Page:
Dish Network's $10/Month Blockbuster Movie Pass Bats Eyes at Netflix Customers



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DISH Network has a huge customer base that loves TV. They love being able to sit in front of their HDTV's and enjoy a live baseball game or settle the kids down and watch the newest episode of Sponge Bob. DISH has always catered to their customers; for example they're always coming out with innovative technology like creating a way for subscribers to watch their live TV programming while they're out of the house or in another country. Now DISH is offering a powerhouse library of DVD's, streaming and video games to their customers for a low price. As a subscriber and current employee at DISH I'm thrilled about the Blockbuster Movie Pass that starts this October 1st! I've already cancelled my Gamefly and Netflix subscriptions because I'd rather deal with paying one bill for a ton of entertainment options. This may not be for everyone, but there is a large mass of consumers out there that wouldn't mind having so much value from one dependable company.



The outrage over Netflix boils down to really bad management decisions, especially on communications.  Every customer should have been contacted with the complete explanation of what Netflix was going to do with streaming and DVD accounts.  Then each customer should have been given time to make a choices.  One of the choices should have been a discount for taking both options, even if in the future they sell off the streaming. 

Instead they just jack up the prices with no notice.  I found out after I noticed my credit card charged a high number without any notice.  If I find any othe choice that works for me I will dump Netflix just because of the lame treatment of me as a customer.  On top of that the writter of the email that went out to customers from the CEO did such a poor job that instead of feeling an appology I felt kicked again.



I use streaming services because I don't want to use a cable or satellite provider.  If this deal split from Dish then I would get it in a heartbeat.



I expected this model from dish/blockbuster since dish bought out blockbuster.

though it will not help with my needs (I don't plan on a 50 dollar minumum dish entry just to pick up the service) I wonder what happens when dish watches thier top tier dwindle when people dump it to switch to block buster instead.

why keep all those movie channels and a package at 100 or over and add blockbust on top of it?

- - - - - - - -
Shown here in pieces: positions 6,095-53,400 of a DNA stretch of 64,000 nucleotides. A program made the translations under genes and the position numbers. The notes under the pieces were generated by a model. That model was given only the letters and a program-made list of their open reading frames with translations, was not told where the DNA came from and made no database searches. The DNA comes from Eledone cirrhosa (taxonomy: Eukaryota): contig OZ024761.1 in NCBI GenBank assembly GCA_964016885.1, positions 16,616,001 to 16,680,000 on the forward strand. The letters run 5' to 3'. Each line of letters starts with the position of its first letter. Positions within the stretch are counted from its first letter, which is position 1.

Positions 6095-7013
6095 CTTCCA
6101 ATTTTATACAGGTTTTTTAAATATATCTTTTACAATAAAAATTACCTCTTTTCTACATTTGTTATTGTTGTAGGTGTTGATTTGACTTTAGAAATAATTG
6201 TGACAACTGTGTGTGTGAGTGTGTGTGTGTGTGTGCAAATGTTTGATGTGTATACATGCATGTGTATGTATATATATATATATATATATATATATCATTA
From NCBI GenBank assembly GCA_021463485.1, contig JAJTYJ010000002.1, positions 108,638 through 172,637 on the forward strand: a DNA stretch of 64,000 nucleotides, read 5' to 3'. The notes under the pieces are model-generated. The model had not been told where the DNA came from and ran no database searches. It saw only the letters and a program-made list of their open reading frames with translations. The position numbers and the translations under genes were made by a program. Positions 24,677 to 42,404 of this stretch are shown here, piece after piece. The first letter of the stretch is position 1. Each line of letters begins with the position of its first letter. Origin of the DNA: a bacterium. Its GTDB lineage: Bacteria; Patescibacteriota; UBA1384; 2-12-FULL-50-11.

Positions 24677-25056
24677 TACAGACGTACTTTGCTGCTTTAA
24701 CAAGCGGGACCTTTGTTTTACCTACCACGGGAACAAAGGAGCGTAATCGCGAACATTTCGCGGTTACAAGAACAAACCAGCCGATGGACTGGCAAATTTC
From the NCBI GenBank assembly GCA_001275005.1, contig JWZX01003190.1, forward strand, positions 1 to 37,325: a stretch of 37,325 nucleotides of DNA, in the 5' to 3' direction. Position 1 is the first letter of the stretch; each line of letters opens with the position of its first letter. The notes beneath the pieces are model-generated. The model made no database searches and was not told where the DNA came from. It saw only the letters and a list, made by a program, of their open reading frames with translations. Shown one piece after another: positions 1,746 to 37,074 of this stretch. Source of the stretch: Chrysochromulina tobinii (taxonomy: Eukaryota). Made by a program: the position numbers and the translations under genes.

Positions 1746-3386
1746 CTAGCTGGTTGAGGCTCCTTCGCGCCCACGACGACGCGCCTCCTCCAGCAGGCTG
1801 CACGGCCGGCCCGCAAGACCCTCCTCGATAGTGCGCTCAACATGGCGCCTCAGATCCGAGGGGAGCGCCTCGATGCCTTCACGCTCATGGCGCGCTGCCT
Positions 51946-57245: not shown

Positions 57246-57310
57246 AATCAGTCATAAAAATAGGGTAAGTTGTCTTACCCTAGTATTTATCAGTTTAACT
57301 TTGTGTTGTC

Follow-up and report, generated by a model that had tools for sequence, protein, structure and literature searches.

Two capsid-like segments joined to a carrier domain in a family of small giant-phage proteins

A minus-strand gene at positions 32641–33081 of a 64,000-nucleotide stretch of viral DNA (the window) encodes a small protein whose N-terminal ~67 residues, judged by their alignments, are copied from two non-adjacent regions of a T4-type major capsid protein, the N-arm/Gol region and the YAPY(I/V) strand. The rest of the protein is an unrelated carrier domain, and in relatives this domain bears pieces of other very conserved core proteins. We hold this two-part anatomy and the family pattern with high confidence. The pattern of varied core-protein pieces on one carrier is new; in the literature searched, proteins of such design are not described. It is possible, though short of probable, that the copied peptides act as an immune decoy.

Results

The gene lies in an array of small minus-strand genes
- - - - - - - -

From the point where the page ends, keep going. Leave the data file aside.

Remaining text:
Blockbuster apparently is as "crazy" as Netflix.  Why in the F would you limit your customer base by requiring people to have someone else's service to use it?  There are too many reasons this is not a good idea...


1.  It increases the cost to use your service.

2.  It adds the liability that they can dictate the use of your service, and increase the cost to continue doing so.

3.  It ensures that your customer base can never be any larger than theirs.

(I'm just gonna stop at three, even though I'm sure I can keep going.)


It's like the idea of proprietary versus standard.  Sure, it sounds like a good idea to limit the customer's options, but in the end, it really isn't one.  Ultimately, someone else will offer better options, or even just options period. Not only will you lose what you had, you will now have to change your entire business model to attract people back, while also nursing a bruised image. 



You do realize that Blockbuster was purchased by Dish a long time ago, right? So there is no such thing as a solo entity called Blockbuster at this point. Dish paid a few billion for the right to use the name and whatever licensing they had left.



The Dish component for streaming is a deal breaker.  It never ceases to amaze me how shortsighted companies are towards whats needed for true market penetration.  But then again when you aquire a company like Blockbuster at fire sale prices- you don't need to be too smart.

I agree with you Stinky Fartface (now that's a sentence I wouldn't have guessed I'd be using today)- rumor is Amazon has their sight's set on the streaming side of Netflix and that would make huge sense.



no.  Netflix streaming ins't broken.

what's broken is people's perception of the value Netflix represents.



What's broken is Netflix getting its balls busted by media owners who want absurd prices and lead to this mess.



THANK you. Finally, someone else sane in this mix.


Stinky Fartface

Except that Netflix has voluntarily thrown all its eggs in the basket with the one who are breaking their balls (sorry for the double metaphor). I was kinda ok with them charging more for the services (although I think they should have offered a price break for both combined), but separating the company into two was a stupid move. It makes it unnecessarily difficult to manage and maintain. The only logic behind it is if they want to sell off that portion of their business entirely.

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